• Mobile Matters: Nielsen projects 4.4M subscribe to mobile video on their phones. The average user watches 3 hours and 15 minutes a month
  • More good data is available from the New York Times and MediaPost

UPDATE, JULY 2: Knowledge Networks’ new report, “How People Use the Video Marketplace,” is scheduled to be released later today. It shows intriguing generational differences in how people consume media. For example, who uses streaming video? 52% are Gen-Y, (ages 13-29), 18% are Gen-X (30-43), and 21% are Young Boomers (44-54). More good info here.

The shift from video from something that lives in a box in your living room to something ambient continues apace. Where are people watching? 14% from desktops, 9% laptops, 6% mobile phones, 5% on portable video players. Small percentages, but growing.

According to new research conducted by Nielsen for the Cable & Telecommunications Association for Marketing,:

  • 35%, of adult broadband users watched at least one program online that was originally shown on TV
  • 87% watched programs from a TV network Web site.
  • 82% went online to find a specific program that they had missed on TV.

What are the implications for TV commercials? What would you do differently, if you knew a lot of the people seeing your commercials weren’t watching them from a La-Z-Boy?

Average Age of a Network TV Viewer: 50

30 06 2008

I wanted to come up with a more provoAverage age of a network TV viewer is 50cative headline for this post. I can’t.

The average age of a network TV viewer is now 50 years old.  When these viewers were 20, K-Fed, Kobe Bryant and Katherine Heigl were newborns. Google founders Sergey Brin and Larry Page were 5 years old.

According to Magna Global Worldwide,

“Not long ago, CBS was by far the oldest network, with a median age above 50. But ABC and NBC have gradually gotten older and are approaching 50 themselves.”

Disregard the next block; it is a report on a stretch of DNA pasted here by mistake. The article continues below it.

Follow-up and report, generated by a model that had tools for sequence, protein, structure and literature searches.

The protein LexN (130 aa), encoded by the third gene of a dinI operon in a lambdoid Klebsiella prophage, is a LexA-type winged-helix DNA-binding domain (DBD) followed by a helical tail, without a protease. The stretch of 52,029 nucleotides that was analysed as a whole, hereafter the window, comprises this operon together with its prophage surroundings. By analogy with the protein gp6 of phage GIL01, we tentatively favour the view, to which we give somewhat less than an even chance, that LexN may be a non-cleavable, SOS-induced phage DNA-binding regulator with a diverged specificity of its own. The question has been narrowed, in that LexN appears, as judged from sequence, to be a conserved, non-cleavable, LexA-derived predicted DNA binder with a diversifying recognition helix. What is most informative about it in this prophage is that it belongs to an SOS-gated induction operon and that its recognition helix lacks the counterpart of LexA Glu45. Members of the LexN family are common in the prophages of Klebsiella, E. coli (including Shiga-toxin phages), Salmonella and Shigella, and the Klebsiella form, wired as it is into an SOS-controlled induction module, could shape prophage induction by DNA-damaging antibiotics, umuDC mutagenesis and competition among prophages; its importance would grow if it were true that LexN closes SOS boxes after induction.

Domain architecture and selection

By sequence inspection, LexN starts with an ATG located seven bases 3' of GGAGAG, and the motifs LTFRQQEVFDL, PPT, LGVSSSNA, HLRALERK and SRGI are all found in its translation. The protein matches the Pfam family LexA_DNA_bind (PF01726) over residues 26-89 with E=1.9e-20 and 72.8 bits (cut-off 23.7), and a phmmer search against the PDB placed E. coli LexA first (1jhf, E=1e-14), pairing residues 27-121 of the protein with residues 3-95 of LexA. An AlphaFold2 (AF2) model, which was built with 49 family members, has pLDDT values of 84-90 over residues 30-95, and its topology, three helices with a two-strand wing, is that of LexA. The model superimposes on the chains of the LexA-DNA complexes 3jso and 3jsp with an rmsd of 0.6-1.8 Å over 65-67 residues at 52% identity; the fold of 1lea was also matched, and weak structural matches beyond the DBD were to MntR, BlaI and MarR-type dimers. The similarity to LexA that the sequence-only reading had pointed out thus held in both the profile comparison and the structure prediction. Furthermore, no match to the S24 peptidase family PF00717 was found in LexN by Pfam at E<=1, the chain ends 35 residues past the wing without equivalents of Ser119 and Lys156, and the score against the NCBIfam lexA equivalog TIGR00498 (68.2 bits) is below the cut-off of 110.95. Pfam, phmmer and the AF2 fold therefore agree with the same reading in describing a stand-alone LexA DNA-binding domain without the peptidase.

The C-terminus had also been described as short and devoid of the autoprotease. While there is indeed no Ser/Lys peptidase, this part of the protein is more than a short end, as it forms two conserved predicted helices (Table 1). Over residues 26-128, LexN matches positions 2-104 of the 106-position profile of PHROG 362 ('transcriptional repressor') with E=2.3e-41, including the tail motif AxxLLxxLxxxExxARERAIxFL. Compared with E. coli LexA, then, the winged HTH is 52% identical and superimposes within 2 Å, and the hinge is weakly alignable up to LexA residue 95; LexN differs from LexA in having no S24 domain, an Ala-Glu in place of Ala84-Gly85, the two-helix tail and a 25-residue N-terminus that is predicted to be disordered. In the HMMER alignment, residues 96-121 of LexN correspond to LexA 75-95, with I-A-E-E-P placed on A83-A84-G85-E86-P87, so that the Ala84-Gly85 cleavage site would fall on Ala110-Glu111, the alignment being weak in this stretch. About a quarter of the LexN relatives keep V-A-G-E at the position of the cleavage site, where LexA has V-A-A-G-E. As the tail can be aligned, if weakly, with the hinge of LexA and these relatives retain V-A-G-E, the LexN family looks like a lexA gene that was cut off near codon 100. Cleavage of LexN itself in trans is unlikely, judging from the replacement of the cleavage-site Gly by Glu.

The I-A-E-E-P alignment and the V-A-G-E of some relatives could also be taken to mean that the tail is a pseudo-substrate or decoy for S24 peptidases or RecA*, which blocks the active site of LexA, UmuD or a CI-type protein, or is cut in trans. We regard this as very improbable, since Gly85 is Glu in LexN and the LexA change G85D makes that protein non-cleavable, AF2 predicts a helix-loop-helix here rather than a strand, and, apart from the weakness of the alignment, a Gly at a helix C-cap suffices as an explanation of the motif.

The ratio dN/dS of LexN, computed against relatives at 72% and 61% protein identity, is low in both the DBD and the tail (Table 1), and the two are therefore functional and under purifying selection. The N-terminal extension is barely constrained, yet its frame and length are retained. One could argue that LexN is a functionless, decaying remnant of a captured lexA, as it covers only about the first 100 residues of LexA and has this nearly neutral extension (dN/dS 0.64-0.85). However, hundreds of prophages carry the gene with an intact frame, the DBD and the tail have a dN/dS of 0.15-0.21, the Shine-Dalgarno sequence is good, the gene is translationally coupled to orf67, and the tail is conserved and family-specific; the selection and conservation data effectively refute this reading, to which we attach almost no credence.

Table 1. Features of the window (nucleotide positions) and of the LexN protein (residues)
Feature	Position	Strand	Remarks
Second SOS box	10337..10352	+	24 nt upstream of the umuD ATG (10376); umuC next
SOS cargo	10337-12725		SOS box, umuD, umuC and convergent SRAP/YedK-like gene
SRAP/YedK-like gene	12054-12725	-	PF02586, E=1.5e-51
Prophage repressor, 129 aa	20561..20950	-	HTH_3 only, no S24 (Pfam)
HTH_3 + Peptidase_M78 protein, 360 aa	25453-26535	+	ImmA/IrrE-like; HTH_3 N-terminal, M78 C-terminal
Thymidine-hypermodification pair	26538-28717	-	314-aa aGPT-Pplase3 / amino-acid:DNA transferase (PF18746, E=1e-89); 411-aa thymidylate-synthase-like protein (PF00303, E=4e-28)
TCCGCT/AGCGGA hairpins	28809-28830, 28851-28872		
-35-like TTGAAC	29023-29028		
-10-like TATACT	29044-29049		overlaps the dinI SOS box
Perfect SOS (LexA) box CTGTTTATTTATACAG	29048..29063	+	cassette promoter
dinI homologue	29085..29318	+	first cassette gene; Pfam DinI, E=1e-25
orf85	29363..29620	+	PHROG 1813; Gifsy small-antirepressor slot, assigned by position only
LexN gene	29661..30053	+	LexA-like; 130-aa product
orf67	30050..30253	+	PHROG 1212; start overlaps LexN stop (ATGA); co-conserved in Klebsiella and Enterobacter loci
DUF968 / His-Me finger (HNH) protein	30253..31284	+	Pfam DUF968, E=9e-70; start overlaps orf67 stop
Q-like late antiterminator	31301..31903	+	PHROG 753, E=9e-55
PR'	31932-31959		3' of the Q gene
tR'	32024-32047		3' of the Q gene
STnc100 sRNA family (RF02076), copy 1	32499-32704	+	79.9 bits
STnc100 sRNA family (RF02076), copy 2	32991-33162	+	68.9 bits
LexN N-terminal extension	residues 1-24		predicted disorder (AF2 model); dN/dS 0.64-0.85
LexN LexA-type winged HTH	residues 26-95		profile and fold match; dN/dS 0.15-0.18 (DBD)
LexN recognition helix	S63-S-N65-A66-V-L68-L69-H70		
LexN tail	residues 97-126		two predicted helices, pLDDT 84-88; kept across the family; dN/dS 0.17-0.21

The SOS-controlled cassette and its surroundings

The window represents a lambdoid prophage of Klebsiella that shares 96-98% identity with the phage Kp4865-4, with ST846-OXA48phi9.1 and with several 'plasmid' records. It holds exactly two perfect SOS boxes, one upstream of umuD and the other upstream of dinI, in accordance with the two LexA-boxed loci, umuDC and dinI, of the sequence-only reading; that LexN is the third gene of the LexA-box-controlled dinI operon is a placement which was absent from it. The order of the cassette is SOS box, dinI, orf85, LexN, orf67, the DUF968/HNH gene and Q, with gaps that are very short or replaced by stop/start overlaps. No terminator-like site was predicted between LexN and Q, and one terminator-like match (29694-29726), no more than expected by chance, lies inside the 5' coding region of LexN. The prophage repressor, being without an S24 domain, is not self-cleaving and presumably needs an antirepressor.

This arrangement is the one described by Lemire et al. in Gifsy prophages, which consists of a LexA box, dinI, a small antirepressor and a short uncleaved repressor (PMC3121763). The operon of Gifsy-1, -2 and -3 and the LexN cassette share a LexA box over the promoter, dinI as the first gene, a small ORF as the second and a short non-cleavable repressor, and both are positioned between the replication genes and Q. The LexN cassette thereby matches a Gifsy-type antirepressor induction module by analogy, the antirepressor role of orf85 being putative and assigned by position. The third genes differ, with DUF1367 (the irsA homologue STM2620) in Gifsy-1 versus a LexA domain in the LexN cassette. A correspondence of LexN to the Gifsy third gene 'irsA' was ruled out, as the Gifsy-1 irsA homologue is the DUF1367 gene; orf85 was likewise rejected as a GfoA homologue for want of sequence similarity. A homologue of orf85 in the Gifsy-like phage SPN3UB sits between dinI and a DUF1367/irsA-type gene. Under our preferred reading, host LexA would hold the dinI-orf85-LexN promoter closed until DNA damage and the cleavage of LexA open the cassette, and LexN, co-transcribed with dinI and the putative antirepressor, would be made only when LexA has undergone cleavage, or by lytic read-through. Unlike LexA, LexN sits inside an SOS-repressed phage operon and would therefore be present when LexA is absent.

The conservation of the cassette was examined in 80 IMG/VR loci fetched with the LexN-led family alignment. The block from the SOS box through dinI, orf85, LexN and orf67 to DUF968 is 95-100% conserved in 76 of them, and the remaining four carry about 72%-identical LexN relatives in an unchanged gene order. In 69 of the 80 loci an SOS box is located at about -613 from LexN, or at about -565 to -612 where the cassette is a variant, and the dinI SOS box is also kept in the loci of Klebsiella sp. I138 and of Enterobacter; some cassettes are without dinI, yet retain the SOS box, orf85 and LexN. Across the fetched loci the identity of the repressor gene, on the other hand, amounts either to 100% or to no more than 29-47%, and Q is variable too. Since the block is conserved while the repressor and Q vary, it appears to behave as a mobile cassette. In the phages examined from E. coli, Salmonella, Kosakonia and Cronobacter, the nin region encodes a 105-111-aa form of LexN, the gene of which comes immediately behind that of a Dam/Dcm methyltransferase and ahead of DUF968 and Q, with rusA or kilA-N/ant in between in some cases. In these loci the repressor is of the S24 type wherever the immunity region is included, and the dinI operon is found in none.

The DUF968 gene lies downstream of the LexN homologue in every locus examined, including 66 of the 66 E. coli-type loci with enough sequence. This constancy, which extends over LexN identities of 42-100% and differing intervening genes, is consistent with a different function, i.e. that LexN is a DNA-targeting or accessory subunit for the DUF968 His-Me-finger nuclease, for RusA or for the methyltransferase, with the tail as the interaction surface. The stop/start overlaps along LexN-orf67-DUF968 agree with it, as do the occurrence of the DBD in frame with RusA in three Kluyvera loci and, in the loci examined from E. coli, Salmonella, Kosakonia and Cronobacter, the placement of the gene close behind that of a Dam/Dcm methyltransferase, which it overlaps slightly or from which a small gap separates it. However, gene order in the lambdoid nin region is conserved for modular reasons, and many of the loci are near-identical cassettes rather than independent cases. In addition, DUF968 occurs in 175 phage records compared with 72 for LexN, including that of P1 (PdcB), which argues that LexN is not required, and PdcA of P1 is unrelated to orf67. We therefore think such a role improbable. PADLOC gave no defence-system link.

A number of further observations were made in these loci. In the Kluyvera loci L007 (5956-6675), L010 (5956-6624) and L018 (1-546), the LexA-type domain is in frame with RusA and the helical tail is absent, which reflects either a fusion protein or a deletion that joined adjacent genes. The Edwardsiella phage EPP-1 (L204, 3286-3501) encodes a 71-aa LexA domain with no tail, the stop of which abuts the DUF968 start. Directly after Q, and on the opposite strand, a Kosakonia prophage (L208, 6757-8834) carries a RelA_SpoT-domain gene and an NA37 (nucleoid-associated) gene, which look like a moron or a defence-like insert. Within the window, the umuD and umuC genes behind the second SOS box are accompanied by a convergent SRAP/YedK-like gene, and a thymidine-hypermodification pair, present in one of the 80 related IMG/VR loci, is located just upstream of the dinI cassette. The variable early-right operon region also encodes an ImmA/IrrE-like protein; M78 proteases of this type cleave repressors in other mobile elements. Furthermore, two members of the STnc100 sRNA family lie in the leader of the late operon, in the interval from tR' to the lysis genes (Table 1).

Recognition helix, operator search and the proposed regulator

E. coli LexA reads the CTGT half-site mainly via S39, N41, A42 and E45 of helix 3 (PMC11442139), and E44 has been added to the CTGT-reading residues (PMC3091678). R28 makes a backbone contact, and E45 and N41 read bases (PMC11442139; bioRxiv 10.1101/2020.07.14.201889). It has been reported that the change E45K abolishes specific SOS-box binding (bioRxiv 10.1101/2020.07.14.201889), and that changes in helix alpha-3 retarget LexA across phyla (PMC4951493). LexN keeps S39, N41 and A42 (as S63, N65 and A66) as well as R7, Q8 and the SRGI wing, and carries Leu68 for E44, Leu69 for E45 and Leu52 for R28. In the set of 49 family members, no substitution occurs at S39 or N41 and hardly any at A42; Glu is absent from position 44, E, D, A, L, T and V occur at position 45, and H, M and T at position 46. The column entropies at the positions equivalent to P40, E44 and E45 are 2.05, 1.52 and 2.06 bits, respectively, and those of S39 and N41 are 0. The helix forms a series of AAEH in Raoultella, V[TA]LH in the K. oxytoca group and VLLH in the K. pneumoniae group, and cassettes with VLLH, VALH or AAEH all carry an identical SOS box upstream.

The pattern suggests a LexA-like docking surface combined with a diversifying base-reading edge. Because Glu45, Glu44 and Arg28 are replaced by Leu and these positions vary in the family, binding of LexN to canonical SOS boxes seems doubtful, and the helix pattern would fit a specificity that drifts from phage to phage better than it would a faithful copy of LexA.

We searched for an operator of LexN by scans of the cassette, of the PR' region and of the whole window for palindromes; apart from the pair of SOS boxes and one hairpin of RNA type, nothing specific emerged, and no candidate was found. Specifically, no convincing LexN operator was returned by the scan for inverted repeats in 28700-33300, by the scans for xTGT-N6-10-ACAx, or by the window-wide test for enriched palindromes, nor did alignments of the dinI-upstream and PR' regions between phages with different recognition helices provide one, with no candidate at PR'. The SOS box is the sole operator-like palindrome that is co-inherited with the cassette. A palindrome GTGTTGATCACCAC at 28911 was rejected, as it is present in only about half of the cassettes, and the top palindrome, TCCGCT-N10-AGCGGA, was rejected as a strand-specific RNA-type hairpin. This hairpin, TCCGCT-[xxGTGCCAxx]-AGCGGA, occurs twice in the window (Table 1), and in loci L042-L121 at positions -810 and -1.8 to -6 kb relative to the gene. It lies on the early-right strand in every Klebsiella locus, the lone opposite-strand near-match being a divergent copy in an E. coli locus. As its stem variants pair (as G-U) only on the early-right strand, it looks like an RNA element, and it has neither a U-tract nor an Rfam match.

For live viewing, the report put CBS at 54, ABC at 50, NBC at 49, Fox at 44 and The CW at 34, although it noted that the latter network “is struggling to manage even a 3 household share with its new programming.”

Yikes. For more scary numbers, with breakouts by ages, click here.

I’m convinced video will ultimately remain the best way to build brands and sell product. But I think what we’re seeing now is a sort of ugly middle stage, where TV is losing relevance and the new forms of video and video advertising are not yet ready to take over. 

Still. if anyone tells you things aren’t changing and there’s no need to adjust how you do business right now — drop this bit of knowledge on them.

TV 2.0: The Empire Strikes Back

26 06 2008

UPDATE: Solutions Research Group Predicts People Will Spend As Much Time With Video As They Do Sleeping

The :30 commercial may or may not have an entirely secure future. But I have no doubt about the future of video, or advertising opportunities. In fact, they will be almost literally everywhere.

Forrester Research lays out a future landscape dominated by video in a new report, “How Video Will Take Over The World.”

Analyst James L. McQuivey, Ph.D, envisages consumers being confronted with “a dozen video platforms per day.”

He asks us to imagine:

  1. waking up to a video alarm clock;
  2. checking satellite weather videos on your mobile phone;
  3. watching traffic videos on your GPS unit while driving in to work;
  4. watching an ad for a Ford Edge on Gas TV while fueling up at a gas station;
  5. streaming MSNBC stock reports from your desktop at work;
  6. seeing a short address from your CEO in a meeting-room photo frame;
  7. watching a promo for American Gladiators in the back of a video-enabled taxi on the way to the airport;
  8. hearing Glenn Beck’s take on the elections while waiting at the airport gate;
  9. watching a clip from your daughter’s middle-school debut in Guys and Dolls that your spouse emailed as you board the plane;
  10. indulging in American Idol on the satellite TV on your JetBlue flight;
  11. checking in at your hotel through a video kiosk; and finally
  12. catching Iron Man in HD on the hotel room’s flat-screen TV.”

The future is not about TV vs digital. It’s about harnessing them so they work together.